We all know, because we have been told a thousand times by authoritative publications such as The Age’s “Epicure” and the Gourmet Traveller, that Australian restaurants are the best in the world. Forget Paris, New York, Rome etc. Nowhere overseas offers an excellence of cuisine to compare with Australia’s or such a variety of culinary traditions. That’s not just the standard ones – the tiniest and remotest place on the globe seems to be represented somewhere in Australia by a restaurant where you can, in theory anyway, enjoy its cuisine.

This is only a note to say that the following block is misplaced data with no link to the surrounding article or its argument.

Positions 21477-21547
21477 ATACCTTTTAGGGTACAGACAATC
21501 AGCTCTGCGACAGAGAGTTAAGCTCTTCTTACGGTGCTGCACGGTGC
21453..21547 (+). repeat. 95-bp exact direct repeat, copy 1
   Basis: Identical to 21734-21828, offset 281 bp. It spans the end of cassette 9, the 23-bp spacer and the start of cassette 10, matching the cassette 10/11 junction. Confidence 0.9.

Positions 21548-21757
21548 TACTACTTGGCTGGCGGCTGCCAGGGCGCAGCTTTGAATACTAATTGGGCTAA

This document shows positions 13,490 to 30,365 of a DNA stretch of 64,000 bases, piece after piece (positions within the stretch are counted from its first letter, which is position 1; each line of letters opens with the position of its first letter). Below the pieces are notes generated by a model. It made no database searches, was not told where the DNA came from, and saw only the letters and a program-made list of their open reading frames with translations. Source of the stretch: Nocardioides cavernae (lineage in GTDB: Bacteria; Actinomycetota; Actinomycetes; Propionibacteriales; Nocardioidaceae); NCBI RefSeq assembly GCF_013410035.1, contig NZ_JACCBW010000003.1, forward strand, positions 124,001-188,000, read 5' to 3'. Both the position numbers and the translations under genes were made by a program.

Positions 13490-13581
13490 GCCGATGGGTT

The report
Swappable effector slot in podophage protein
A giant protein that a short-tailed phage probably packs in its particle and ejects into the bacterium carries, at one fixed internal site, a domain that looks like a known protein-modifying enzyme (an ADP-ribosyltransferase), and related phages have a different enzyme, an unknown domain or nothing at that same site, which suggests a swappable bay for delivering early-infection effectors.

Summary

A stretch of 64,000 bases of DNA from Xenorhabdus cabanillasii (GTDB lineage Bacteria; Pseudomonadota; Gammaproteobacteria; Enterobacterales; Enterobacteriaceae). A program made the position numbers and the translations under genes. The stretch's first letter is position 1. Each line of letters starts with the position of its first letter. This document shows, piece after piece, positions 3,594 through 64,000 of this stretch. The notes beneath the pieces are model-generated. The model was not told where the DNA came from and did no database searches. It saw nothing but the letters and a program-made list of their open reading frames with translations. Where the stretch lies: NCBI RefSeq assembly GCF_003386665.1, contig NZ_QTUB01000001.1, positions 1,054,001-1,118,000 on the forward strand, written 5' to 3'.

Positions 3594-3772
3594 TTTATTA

Food is food, not history, and any unsavoury associations the country of origin might have is no reason not to appreciate its cooking. Australians blithely ingest the cuisine of a country that, if it had had its way, would now be ruling them from Tokyo. The millions slaughtered by Mao cause no loss of appetite to the antipodean connoisseur of the various cuisines of China. German food is less popular, but that is not because of the horrors of Nazism but rather to its being seen by the self-obsessed as stodgy and unhealthy. Nachos and paella are consumed with no qualms about their origins in Spain and its brutal empire. Mussolini might not have existed for all Australia’s spaghetti-eaters care. As for Pol Pot – have you heard about the really groovy little Cambodian place down by the harbour?